You can add components from other physical modeling products to your SimDriveline model. The foundation library in Simscape contains blocks in other physical domains, such as electrical, hydraulic, and thermal. Integrating these domains into your SimDriveline model using physical connections helps expand your model's range of effects.

Simscape Language: Mechanical Example 3:42
Model custom mechanical components using the Simscape™ language. A nonlinear translational spring is defined using implicit equations.

The Simscape language, an object-oriented language that is based on MATLAB®, enables you to create your own physical modeling components and libraries. You can define custom components, complete with parameterization, physical connections, and equations represented as acausal implicit differential algebraic equations (DAEs). Within your component’s Simscape language file you can use MATLAB to analyze parameter values, perform preliminary computations, and initialize system variables. The Simulink block and dialog box for your custom component are automatically created from the file.

Simscape language file used to create a custom gear box. The file automatically generates a Simulink Gear Box block and dialog box.
Simscape language file (left) used to create a custom gear box. The file automatically generates a Simulink Gear Box block and dialog box.

Simulating Drivetrain Systems

You can combine SimDriveline models with Simulink control system models for dynamic simulation. The simulations can be run on your desktop (variable step) or in a real-time environment (fixed step). Every aspect of your simulation can be automated using scripts in MATLAB, including configuring the model, entering simulation settings, and arranging sets of simulations.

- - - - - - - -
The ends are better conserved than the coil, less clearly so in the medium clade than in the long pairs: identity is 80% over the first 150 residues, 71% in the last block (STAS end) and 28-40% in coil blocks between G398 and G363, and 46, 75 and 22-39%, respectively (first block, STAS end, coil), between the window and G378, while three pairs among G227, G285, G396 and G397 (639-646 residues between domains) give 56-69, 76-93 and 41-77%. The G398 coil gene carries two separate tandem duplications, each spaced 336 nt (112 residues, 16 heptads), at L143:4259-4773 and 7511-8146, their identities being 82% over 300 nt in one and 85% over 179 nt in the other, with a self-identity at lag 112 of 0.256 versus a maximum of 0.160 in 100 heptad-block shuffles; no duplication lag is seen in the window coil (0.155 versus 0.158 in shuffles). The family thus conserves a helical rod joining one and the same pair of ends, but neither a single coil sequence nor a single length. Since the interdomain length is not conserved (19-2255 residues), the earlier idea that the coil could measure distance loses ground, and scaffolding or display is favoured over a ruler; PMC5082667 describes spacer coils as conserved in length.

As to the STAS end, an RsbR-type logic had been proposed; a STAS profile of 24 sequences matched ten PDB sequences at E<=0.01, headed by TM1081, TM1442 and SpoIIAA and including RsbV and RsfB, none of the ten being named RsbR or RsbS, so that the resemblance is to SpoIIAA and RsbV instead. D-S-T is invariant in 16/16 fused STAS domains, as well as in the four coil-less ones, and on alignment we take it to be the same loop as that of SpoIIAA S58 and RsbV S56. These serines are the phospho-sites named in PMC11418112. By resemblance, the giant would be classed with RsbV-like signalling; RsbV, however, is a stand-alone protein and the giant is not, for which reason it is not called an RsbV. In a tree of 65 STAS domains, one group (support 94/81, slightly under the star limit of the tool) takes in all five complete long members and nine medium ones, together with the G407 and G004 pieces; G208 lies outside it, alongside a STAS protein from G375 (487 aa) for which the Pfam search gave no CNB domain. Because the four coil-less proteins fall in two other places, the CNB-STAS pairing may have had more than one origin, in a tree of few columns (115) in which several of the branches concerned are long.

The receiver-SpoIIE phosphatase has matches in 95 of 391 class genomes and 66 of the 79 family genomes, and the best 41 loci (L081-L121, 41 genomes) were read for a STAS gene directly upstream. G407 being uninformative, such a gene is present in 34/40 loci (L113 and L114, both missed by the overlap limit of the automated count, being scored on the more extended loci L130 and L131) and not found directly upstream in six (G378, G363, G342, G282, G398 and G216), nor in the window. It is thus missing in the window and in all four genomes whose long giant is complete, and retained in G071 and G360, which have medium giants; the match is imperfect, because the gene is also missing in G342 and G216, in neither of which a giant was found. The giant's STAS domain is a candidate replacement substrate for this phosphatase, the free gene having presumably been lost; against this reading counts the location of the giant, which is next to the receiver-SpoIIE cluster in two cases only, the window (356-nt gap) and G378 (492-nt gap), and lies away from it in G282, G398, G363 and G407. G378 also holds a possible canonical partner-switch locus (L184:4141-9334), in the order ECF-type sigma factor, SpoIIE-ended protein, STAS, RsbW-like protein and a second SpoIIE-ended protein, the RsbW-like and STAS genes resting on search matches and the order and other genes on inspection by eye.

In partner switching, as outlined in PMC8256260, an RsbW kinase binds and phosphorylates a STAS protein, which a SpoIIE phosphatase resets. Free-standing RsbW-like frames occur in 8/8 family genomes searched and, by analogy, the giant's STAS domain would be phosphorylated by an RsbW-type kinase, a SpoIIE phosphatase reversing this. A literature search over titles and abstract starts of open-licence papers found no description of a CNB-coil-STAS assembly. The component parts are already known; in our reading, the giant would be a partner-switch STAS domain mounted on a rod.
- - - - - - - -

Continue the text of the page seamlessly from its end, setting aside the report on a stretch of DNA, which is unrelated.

Maximizing Fuel Economy 1:48
Speed up the process of tuning shift schedule calibrations using optimization algorithms and parallel computing.


You can use optimization algorithms to automatically tune parameters in simulation. This approach enables you, for example, to find designs that minimize weight or minimize fuel consumption. To accelerate optimization tasks and other design studies that require many simulations, you can use Parallel Computing Toolbox to distribute your SimDriveline simulations across multiple cores or a cluster of computers.

Shorten Parameter Sweeps with Parallel Computing 3:33
Run simulations in parallel on a multicore desktop. Various shift schedules for a dual-clutch transmission are tested in multiple simulations executed simultaneously.

Analyzing Drivetrain Systems

All of the data from your SimDriveline model can be saved automatically to the MATLAB workspace. Using MATLAB, the results of your simulation can be analyzed, plotted, animated, and saved into many different file formats. You can perform tasks such as analyzing the frequency response of the powertrain, comparing simulation runs to improve fuel economy, and verifying the timing of clutch events during the simulation. When combined with Simulink Report Generator, the results of SimDriveline simulations can be automatically saved in a report, along with screenshots of the model, plots, and other information.